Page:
Monday, March 15, 2010
The nature of racist speech is changing as social mores on matters of race and multiculturalism evolve. However, the underlying intent of the disseminators of racist speech – to divide and subjugate – remains much the same. Part IIA of the Racial Discrimination Act appears to lack the capacity to deal with racist speech that is sophisticated and not profane. This presents a problem, particularly when a racist message can effectively be conveyed with subtlety and without crudity. The effect of this failure on the part of Australia’s racial vilification laws is to effectively privilege the speech of mainstream commentators. Part IIA of the RDA appears to have been drafted with a view to preventing the harms that arise from extreme racist speech and speech encouraging violence. But such speech is rare or is quarantined to the margin of Australian life. The type of racism that is problematic is that which is more insidious, sophisticated, yet visible and divisive and exclusionary in its operation. This is the type of speech that Part IIA needs to engage with if it is to have any meaning in broader Australian life. Further, it is possible for Part IIA to play a role in educating and challenging racist speech without undermining Australian democracy and the general freedom of speech.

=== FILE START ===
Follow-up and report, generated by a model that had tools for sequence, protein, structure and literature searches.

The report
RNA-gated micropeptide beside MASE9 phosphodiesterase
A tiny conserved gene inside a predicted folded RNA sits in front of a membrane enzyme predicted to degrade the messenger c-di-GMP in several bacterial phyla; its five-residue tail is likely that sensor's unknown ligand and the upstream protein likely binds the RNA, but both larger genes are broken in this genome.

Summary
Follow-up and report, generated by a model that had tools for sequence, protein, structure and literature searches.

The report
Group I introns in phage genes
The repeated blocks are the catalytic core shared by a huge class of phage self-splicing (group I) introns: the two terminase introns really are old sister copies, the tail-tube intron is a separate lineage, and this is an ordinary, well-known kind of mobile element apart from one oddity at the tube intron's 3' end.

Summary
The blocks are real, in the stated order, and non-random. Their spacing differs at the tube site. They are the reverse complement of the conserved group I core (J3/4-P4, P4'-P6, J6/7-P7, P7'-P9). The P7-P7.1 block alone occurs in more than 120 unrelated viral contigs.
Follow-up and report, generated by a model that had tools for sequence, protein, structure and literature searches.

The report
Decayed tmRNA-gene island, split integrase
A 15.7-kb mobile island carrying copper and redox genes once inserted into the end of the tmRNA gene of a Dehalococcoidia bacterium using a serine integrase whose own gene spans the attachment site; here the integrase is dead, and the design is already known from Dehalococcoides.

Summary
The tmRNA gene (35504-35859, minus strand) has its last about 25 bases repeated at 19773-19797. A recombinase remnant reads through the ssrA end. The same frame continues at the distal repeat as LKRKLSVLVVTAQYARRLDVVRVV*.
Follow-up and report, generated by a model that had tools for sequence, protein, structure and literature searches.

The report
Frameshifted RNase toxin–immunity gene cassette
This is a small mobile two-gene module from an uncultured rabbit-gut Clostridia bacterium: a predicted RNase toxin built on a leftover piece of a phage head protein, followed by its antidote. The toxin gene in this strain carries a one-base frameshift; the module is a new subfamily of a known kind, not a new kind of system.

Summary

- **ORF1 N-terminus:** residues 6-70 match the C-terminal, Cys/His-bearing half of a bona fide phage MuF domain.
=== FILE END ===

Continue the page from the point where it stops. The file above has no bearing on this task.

Download the paper from SSRN at the link.